Fashion Week has long been a culmination of starving souls yearning, aching and damn near dying to be noticed. It happens twice a year, for a week at a time (and thankfully not more).
Modeling, and especially living your life in the public eye, is by far the hardest thing I've ever done. We are breeding a generation of young girls and guys who think their worth is based on their looks and how many "likes" they get. You can say "It's always been this way," but I can tell you, it hasn't.
Amy Gerhartz is the voice behind the moody snippets of the 1980 song "Fame" that were heard during the trailer for Anna Nicole, Lifetime Television's original movie about the late Playboy and Guess model Anna Nicole Smith.
Genealogists and non-genealogists alike are rejoicing that TLC has announced the season line-up for Who Do You Think You Are?, the popular celebrity r...
by Emily Carter #187. I am #187 in a long line of skin clad black jeans, faces gleaming with sweat and eyes drowned in hopelessness. We are puppets...
Previously published in Metro www.readmetro.com Life is going swimmingly for Karl-Johan Persson, H&M's young, handsome CEO: despite the global recess...
For one night and one night only... I felt like a star, like a celebrity, like I belonged in those upper echelons of Bombay's society... So, this is w...
Same drugs, same cops, same beautiful bodies in skimpy attire, but the town has evolved into a huge non-stop city, always fabulously gleaming in the sun, but with the increased road traffic that comes with a whole lot more people.
Model Kate Dillon and Summer Rayne Oakes talk about body image and fashion.
The original image of Merida was precious and clung to by moms who adored Merida for her adventures, her love of her family, and her resemblance to the young girls they know and love.
Women are often worried about how they look and that's not superficial. We know that our appearance has nothing to do with how smart, creative, or hardworking we are, but it plays powerfully into what society decides we are worth.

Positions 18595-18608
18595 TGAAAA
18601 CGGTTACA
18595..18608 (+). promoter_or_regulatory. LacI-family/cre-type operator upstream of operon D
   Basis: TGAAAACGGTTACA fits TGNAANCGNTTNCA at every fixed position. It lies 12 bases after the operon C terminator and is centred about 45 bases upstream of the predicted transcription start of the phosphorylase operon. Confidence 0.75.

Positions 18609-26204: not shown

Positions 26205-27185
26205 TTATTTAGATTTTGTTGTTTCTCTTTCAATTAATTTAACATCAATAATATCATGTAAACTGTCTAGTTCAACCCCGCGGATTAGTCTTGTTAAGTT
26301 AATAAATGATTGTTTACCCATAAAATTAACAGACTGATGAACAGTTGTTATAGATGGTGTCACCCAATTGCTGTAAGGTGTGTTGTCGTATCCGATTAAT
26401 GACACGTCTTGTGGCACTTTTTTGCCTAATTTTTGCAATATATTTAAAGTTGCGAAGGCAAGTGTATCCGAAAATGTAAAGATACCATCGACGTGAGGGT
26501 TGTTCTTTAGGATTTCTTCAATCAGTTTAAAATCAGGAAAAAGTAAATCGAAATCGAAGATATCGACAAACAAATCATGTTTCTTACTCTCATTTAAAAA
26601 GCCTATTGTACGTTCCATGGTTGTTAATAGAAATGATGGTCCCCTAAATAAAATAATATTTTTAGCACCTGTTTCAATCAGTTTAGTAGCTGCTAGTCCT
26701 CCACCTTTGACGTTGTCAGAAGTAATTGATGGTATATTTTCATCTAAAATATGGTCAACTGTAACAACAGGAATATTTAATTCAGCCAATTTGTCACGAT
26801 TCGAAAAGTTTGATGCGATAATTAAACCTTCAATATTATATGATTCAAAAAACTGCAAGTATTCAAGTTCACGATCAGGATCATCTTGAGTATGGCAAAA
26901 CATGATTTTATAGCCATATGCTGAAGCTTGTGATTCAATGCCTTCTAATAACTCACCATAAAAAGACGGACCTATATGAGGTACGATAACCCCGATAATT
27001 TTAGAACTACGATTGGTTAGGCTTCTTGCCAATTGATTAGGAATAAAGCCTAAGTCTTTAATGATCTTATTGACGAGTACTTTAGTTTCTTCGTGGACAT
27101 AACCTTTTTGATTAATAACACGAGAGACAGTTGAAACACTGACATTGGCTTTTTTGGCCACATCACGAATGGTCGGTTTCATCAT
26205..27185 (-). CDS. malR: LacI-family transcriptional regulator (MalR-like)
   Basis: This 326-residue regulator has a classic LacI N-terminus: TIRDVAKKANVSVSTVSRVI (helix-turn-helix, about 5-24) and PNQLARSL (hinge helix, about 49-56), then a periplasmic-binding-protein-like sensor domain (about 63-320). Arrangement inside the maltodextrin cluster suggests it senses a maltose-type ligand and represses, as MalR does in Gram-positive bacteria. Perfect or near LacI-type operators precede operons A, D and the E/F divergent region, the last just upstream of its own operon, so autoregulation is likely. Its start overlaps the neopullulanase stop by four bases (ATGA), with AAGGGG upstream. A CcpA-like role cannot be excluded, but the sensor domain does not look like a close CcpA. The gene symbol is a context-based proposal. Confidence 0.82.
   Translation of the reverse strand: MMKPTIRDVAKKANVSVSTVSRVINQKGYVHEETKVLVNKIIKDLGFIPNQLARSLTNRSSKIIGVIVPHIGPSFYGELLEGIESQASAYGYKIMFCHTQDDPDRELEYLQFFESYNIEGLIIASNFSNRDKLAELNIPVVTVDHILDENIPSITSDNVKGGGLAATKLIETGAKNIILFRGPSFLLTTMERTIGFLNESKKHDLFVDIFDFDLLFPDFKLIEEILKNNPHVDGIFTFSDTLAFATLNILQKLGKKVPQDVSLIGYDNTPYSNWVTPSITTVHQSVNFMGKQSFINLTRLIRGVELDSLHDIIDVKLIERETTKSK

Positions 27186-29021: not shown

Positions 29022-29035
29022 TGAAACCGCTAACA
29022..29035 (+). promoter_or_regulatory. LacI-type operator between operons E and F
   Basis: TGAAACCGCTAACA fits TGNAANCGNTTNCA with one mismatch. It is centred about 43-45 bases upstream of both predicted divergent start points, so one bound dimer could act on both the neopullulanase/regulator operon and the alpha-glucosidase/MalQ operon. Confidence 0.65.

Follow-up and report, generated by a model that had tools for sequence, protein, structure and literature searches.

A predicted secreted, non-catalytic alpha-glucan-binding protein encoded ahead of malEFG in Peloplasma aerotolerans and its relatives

Like Russell, I am one of those who benefited from the genetic lottery; first as a professional dancer and then as a Wilhelmina model. For both, I relied on the fortune of good genes. Like Russell, I felt ambivalent about "cashing out" on being "a pretty white girl," but it's what I did.
Regardless of claims of "paying homage," the message that I am continually getting is that black womanhood is not beautiful unless it is somehow caricatured or manipulated, and I wholeheartedly disagree.
Russell's point that beauty isn't everything is well taken, but maybe that's not the only idea that's limiting us. The act of segregating people into labels based on looks could be a far more dangerous issue.
We are able. We are beautiful. And we count! That's what the 25 models -- who were just recently selected to perform in the Global Down Syndrome Foundation Be Beautiful Be Yourself Gala -- want Congress, the National Institutes of Health (NIH) and the world to know.
What people really want in relationships is dignity, not domination. While it's not hard to understand why people who have suffered oppression might fantasize taking a turn at domination, to actually do so is to over-reach.